Mt Meru Sikukuu Nane Nane 2014.
(Note: Words in brackets are there for those of you who are unsure of the correct Swahili pronunciations. I have even emboldened the stressed syllables to make it easier for you. Also below is a list of translated words which you might find useful before reading this.
Not being immediately bossy. Have fun, now… Wriggling eye brows in your general direction.)
Translation of Swahili Words you might need to know to read this.
Sikukuu (n.) – public holiday
Karibu(ni) sana – most welcome
Hongera sana – big congratulations.
Mwenyekiti (n.) (Sheha in Zanzibar) Balozi – Village Chairman
Kijijii (n. sing.) – Village
Mwaka (n.) mpya (adj.) - new year. Mwaka = Year and Mpya = new.
Kufanya (vb.) – to do
Kazi (n.) – work.
Salaam (n.) – peace
Dar es Salaam – place of Peace.
Kulima (vb.) – to farm.
1 – moja
2 – mbili
3 – tatu
5 – tano
6 – sita
7 – saba
8 – nane
9 – tisa
10 – kumi
11 – kumi na moja
12 – kumi na mbili.
Godi on his new Toyo, Sikukuu Nane Nane
It’s time to learn some Swahili, people. It’s time. Seeing that yesterday was another sikukuu,(sea coo coo) a public holiday, I figured you could learn, through this little story, how to count in Swahili for starters. And for those of you who can cunningly count up to a 100, know the days of the week, the months AND hold a conversation already, well, hongera bloody sana. (on-geh-rah bloody sahnah.).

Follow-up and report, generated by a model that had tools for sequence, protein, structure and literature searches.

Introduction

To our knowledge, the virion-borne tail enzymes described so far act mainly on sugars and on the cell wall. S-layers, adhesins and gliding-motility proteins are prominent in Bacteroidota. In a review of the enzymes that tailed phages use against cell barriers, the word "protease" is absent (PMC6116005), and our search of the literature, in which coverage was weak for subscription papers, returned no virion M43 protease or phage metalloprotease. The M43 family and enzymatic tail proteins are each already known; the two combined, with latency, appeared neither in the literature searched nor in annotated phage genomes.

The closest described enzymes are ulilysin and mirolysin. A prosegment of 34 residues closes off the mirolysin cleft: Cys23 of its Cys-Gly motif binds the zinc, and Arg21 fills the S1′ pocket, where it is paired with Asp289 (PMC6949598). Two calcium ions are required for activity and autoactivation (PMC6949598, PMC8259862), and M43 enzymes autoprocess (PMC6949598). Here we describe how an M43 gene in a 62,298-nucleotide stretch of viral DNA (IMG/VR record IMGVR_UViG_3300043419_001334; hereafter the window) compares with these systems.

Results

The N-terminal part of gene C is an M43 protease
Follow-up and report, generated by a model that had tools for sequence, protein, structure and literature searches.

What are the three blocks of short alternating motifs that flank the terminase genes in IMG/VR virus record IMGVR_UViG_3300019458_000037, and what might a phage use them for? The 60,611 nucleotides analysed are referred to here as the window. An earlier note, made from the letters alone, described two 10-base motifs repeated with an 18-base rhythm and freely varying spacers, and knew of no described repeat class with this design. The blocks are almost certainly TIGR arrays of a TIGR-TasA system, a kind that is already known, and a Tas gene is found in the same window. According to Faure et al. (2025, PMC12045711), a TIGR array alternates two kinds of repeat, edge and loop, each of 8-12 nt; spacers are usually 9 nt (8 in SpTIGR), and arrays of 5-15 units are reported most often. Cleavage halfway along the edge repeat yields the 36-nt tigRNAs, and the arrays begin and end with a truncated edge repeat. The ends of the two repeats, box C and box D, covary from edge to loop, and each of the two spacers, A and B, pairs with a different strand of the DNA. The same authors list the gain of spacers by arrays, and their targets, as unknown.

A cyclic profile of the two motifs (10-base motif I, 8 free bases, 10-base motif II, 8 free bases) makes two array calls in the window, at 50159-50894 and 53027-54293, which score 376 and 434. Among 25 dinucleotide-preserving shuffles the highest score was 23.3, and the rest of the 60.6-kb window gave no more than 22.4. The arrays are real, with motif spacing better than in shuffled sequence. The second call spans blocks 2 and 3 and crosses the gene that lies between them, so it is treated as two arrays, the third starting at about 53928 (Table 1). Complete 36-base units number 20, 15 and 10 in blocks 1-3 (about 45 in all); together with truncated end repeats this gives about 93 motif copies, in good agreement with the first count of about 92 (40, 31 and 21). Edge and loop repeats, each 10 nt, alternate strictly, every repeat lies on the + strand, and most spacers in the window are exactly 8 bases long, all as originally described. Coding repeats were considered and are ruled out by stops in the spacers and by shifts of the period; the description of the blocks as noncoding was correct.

In Tanzania it seems there are as many public holidays, sikukuu, as there are chameleon species. I am thrilled. There are of course the obvious ones like Christmas and Easter but I simply cannot do this plethora of holidays justice by a simple listing. No. Far too simple. It must be detailed so you will understand my conundrum. Indeed, why I needed to write to my local mwenyekiti (mwen – yeh – key – tea ) of Ngorobob kijiji (kee-jee-jee), about the months of June, September and November.